Researchers at the University of Southern California have uncovered a clever way to increase cyber security creating passwords that are as easy to remember as they are secure. Instead of taking a common word and replacing letters with numbers, which is easy to hack, or creating a random string of characters, which is secure but difficult to remember, the researchers suggest turning to a random poem generator as a way to create secure yet memorable passwords.
The mechanics behind so-called “passpoems” is that these passwords are made up of random words that have been fashioned into a short rhyming verse. More specifically, a poem generator creates random 60-bit strings that are then permuted into a million potential poems. The program’s language processing software then picks the poem that most closely mimics actual language from among the million permuted “passpoems.”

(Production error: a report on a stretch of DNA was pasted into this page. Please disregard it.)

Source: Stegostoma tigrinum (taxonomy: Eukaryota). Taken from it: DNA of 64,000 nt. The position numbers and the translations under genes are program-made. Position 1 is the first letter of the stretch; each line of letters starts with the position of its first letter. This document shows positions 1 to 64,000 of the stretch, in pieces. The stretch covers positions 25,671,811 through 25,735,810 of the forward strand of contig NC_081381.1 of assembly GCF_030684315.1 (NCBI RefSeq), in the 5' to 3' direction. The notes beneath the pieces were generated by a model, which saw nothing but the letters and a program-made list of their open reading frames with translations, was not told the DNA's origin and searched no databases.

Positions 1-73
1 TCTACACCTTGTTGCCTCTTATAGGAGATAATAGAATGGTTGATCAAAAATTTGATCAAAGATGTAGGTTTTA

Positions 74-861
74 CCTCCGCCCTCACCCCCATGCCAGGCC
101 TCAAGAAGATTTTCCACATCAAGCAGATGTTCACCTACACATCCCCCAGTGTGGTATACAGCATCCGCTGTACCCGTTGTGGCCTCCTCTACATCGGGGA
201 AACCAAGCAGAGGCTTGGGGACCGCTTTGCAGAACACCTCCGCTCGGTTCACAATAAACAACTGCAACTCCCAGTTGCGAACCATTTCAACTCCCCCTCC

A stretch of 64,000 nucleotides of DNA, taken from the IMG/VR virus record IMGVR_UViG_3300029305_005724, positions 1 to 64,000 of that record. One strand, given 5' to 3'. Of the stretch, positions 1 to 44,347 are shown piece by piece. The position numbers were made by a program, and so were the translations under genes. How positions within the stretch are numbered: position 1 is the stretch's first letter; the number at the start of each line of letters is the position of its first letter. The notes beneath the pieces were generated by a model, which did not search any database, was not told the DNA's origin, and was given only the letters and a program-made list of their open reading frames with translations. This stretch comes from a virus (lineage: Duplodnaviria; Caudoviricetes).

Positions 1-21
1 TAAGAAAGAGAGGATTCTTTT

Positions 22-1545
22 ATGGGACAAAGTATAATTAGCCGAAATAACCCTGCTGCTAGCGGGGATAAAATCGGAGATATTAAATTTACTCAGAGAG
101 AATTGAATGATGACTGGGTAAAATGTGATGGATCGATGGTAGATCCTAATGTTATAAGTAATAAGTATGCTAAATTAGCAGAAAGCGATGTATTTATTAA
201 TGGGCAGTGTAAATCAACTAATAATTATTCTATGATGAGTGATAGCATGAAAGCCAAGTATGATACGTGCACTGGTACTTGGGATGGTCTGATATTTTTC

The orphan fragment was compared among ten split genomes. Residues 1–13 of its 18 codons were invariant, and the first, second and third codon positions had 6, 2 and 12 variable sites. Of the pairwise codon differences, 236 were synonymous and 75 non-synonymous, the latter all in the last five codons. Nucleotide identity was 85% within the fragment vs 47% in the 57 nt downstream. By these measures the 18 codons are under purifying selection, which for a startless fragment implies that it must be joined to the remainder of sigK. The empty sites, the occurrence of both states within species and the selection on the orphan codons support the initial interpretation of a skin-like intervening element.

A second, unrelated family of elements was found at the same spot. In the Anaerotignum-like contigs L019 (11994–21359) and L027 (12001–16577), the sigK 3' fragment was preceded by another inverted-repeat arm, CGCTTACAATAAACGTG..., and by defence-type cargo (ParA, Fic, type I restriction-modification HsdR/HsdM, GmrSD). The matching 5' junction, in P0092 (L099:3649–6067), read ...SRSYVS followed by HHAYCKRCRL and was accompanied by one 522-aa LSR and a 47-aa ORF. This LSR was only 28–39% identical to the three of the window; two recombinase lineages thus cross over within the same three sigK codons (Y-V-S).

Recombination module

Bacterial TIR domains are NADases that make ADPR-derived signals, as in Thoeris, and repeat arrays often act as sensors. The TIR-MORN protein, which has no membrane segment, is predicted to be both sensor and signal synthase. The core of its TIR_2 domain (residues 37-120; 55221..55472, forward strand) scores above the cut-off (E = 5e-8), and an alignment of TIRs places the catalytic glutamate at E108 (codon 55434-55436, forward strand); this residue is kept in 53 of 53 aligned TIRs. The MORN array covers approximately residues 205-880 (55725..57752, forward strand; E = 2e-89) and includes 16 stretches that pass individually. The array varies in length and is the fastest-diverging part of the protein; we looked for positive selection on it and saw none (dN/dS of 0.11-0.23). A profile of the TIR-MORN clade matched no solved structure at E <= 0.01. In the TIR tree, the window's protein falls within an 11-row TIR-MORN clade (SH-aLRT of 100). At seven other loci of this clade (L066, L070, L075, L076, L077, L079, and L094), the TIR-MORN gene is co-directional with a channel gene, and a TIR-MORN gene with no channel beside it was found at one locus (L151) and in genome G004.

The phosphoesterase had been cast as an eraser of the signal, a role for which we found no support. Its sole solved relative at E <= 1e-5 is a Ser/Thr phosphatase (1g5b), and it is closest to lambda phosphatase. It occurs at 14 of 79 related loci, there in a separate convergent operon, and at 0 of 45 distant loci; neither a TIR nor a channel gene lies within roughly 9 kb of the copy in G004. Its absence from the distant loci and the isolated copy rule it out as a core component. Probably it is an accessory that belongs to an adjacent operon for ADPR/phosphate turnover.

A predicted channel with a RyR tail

Although “passpoems” are incredibly difficult to hack, they’re also designed to be easy to remember. The psychology of this type of password is that it plays on our ability to remember language; particularly when it rhymes. While it’s difficult to create a mnemonic to remember strings of random characters, it’s easy to create a memorable meaning for a rhyming poem – even if the randomly-generated words seem nonsensical.
It’s important to keep in mind that this technique uses random rhyming words to create a verse rather than relying on lines from pre-existing poems, which would make for a less secure password. The researchers also caution that, due to their length, poetry-based passwords won’t be allowed on all sites. Nevertheless, they’re a highly useful and secure way to keep your private information protected.